An Indo-German collaborative project, led by Sree Chitra Tirunal Institute for Medical Sciences and Technology (SCTIMST) here, to study the genetic basis of Parkinson’s disease has received USD 2.3 million grant.
The research proposal ‘Genetic Architecture of Parkinson’s disease’ is led by the comprehensive care centre for movement disorders in SCTIMST in India and the Centre for Genetic Epidemiology, University of Tuebingen, Germany, a press release said here.
The grant has been received from The Michel J Fox Foundation, USA.
The highly competitive award was won under the Fox Genetic Diversity in PD program and was submitted by Dr Manu Sharma from the University of Tubingen, Germany, and professor Asha Kishore, movement disorder specialist and director of SCTIMST.
A consortium of movement disorder specialists, neurologists and geneticists from 20 Indian centres are co- investigators in the multi-centre international study along with the team in Germany led by Dr Manu Sharma.
This would be the first Genome-Wide Association Study (GWAS) on Parkinson’s disease (PD) in India and one of the largest GWAS conducted in the country.
Besides SCTIMST as the lead nodal centre in India, AIIMS New Delhi, NIMHANS in Bengaluru and Nizams Institute of Medical Sciences, Hyderabad, would participate as nodal centres.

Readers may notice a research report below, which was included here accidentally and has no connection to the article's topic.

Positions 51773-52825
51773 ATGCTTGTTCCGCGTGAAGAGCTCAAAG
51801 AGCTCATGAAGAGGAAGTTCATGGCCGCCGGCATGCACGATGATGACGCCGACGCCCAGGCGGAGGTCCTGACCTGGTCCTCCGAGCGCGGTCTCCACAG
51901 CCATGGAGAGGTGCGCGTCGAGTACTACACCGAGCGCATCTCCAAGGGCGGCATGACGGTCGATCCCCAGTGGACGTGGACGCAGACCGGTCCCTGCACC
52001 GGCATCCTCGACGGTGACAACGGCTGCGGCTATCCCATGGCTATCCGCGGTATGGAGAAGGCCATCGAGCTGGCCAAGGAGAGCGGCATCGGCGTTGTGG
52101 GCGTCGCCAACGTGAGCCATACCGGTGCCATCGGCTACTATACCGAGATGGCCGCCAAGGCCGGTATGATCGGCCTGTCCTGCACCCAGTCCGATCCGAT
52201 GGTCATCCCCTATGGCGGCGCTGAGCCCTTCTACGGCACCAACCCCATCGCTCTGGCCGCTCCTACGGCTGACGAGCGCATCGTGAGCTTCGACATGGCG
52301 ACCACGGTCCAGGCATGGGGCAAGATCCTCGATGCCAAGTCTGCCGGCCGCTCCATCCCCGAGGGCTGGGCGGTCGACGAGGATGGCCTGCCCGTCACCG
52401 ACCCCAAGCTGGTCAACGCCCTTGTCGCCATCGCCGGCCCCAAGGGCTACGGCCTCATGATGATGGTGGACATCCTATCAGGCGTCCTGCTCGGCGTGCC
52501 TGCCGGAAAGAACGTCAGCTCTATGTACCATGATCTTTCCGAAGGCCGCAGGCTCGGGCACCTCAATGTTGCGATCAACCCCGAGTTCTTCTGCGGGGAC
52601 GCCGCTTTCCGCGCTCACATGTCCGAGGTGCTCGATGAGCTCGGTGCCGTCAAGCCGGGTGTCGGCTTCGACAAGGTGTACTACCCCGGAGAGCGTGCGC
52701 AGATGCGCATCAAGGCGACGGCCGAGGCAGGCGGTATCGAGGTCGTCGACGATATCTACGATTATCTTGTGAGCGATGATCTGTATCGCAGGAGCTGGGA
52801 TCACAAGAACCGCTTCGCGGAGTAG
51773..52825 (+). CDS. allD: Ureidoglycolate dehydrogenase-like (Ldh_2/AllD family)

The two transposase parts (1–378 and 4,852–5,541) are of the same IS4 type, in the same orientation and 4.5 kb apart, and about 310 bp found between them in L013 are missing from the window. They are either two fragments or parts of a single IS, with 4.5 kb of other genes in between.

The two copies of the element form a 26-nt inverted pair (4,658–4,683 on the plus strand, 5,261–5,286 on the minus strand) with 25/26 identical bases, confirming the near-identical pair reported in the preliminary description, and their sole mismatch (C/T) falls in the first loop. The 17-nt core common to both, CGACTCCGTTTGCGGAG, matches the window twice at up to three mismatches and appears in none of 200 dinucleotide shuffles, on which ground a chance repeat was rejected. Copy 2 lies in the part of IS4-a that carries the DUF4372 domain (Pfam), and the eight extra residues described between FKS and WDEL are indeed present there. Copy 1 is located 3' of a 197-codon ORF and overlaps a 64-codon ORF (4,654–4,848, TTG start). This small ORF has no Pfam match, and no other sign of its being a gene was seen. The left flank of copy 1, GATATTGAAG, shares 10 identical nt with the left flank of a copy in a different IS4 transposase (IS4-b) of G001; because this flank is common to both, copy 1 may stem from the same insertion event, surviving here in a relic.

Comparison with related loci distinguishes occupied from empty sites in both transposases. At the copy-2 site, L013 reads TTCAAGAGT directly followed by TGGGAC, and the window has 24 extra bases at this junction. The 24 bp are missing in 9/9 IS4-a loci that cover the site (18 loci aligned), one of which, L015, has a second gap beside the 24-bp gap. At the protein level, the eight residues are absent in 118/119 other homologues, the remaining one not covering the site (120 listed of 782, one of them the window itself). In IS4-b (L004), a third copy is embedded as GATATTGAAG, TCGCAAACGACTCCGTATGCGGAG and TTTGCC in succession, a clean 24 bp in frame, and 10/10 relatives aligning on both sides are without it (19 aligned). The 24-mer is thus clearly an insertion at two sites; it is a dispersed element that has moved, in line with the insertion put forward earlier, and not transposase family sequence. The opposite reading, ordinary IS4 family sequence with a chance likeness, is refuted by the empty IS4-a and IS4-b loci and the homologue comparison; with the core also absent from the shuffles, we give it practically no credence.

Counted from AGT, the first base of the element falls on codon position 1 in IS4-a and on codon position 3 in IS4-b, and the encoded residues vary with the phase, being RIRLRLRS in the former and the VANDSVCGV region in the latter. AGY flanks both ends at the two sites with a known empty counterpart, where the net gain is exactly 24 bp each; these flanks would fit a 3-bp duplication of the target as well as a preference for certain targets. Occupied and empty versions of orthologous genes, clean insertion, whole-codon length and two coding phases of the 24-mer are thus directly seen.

Sixteen sub-centres, including PGI Chandigarh, AIIMS Rishikesh, Institute of Neuro sciences, Kolkotta, Vikram Hospital, Banglore, are also involved.
The Centre for Cellular and Molecular Biology, Hyderabad, and Centre for Genetic Epidemiology, Tubingen, would be the Indian and German genetic laboratories that would conduct the molecular biological and advanced analytics of the genetic data.
GWAS in Western Population and East Asian regions have identified about 20 or more genetic variants as risk factors for Parkinson’s.
As ethnically diverse populations vary in terms of the frequency of these variants in the population, it is necessary to conduct GWAS of PD in India to capture the genetic variants that pose a risk for the disease among Indian patients under- represented in Western studies, the release added.
The aim of this research is to identify genetic risk factors of PD in India through a GWAS.
Approximately a half-million genetic markers would be assessed to identify the Indian PD population-specific risk variants.
“To meet our objectives, more than 10,000 PD patients and 10,000 healthy controls would be recruited from across India to define a pan-Indian PD map for the Indian population,” the release added.-Business Standard